If you have been served with a Restraining Order or Injunction for Protection from Domestic Violence, along with fearing the criminal penalties that may follow, you may also fear the ramifications such judgments will have on your child custody arrangement. If you are involved in a restraining order and fear it may affect your relationship with your child, contact a Florida Child Custody Attorney to discuss your options and ways to protect your parental rights.
Under Florida statute 741.28 domestic violence entails any “assault, aggravated assault, battery, aggravated battery, sexual assault, sexual battery, stalking, aggravated stalking, kidnapping, false imprisonment, or any criminal offense resulting in physical injury or death of one family or household member by another family or household member.” Therefore, in order for an individual to obtain a restraining order the court must first find there to be a special relationship between you and the victim. This relationship may include a spouse, dating partner, or individual you share a child with. Further, the court must find that an act of domestic violence has occurred, and the victim is in need of protection from future abuse. These acts can include threats that place the victim in fear of physical harm, or physical acts that inflict damage on the victim.
With such serious allegations, the court will take this into account in regards to child custody, and in fact is required to make specific findings related to the child’s welfare in relation to the domestic violence. In Florida, all items concerning a child are evaluated under the best interest of the child standard. This standard is laid out in Florida statute 61.13, noting twenty factors for the court to consider, however, this list is not exhaustive. Most relevant here, one of the elements Florida statute requires a court to consider is “evidence of domestic violence, sexual violence, child abuse, child abandonment, or child neglect, regardless of whether a prior or pending action relating to those issues has been brought. If the court accepts evidence of prior or pending actions regarding domestic violence, sexual violence, child abuse, child abandonment, or child neglect, the court must specifically acknowledge in writing that such evidence was considered when evaluating the best interests of the child.” Therefore, if an action of domestic violence has occurred the court is required to take note and make specific findings on how it relates to the child’s best interests.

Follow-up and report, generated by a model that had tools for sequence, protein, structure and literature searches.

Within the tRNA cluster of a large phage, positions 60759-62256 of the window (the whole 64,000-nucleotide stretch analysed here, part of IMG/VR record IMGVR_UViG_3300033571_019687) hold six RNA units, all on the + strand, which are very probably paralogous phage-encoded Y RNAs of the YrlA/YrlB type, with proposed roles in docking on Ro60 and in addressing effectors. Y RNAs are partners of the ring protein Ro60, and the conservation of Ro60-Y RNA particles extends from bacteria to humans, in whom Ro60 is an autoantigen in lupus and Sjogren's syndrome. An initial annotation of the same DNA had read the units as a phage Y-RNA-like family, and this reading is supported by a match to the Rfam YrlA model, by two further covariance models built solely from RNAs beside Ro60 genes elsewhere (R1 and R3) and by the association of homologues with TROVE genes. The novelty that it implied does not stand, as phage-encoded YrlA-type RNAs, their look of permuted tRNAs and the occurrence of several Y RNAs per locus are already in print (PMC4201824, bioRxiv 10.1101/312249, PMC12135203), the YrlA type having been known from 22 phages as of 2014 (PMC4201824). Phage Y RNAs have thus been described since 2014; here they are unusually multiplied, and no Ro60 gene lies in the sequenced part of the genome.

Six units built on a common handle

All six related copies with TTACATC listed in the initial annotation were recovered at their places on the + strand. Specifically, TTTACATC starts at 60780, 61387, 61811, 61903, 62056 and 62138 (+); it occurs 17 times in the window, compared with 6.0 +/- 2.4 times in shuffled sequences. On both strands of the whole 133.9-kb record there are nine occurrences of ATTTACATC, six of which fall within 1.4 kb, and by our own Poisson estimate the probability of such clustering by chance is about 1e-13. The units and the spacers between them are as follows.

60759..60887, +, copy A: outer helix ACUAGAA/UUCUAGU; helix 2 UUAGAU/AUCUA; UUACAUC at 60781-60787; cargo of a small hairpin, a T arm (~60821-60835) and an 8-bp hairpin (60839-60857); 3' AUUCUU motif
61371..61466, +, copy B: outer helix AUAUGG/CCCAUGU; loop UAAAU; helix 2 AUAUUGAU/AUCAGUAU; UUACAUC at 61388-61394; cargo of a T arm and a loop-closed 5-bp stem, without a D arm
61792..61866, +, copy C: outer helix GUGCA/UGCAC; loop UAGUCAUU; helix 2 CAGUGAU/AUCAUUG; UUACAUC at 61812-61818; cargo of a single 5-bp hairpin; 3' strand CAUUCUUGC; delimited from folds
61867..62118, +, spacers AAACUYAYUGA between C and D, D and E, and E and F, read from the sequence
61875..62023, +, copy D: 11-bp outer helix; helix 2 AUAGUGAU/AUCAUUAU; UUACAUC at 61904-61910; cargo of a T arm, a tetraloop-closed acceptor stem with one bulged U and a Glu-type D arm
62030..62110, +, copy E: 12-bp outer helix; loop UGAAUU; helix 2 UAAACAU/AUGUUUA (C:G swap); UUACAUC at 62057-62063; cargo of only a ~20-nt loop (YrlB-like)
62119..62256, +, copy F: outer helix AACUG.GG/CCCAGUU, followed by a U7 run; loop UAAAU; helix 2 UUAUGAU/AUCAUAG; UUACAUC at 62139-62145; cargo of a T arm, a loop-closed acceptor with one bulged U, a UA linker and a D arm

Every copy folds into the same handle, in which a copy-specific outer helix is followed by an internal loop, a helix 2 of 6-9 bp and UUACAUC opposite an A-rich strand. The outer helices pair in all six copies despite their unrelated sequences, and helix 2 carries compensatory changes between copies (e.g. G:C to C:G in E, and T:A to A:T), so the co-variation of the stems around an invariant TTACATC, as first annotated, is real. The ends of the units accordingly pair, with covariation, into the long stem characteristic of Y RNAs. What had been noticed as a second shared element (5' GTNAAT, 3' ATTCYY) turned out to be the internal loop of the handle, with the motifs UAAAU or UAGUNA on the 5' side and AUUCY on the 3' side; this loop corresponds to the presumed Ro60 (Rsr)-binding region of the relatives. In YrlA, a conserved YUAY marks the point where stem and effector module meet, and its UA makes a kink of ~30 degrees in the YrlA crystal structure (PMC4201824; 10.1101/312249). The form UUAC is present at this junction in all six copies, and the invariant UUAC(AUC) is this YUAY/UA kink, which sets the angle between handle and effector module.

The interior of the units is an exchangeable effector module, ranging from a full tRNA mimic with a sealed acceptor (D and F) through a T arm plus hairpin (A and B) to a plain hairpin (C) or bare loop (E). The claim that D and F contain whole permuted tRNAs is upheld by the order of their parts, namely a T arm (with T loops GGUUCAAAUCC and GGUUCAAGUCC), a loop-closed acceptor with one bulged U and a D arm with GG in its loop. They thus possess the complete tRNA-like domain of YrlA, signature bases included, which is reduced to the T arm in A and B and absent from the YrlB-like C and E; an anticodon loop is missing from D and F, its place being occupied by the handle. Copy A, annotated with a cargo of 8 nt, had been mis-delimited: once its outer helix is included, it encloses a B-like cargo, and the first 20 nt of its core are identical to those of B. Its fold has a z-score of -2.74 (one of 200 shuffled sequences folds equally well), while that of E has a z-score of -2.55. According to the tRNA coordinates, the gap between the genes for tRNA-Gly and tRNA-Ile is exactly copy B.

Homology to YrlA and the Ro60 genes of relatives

There are many ways the court may account for your restraining order in your child custody arrangement. The court will look to the severity of the harm caused, if the child was present during these actions, if the harm was of the nature to also affect the child, and the repetitive nature of these violent actions. If the court deems there to be no detrimental harm to the child will occur with continued visitation and custody with the parent, the court may simply place in protocols to limit the contact between the parents of the child to abide by the restraining order. However, if the court finds necessary action needs to be taken in order to protect the child, they may limit the timesharing between the minor child and convicted abuser, provide for visitation to be supervised by a third party, or remove visitation completely.
It is likely a restraining order will affect your child custody arrangement and can result in severe impacts on the relationship between you and your child. Therefore, it is important to seek counsel from an experienced Florida Child Custody Attorney to provide you with guidance and protect your parental rights.
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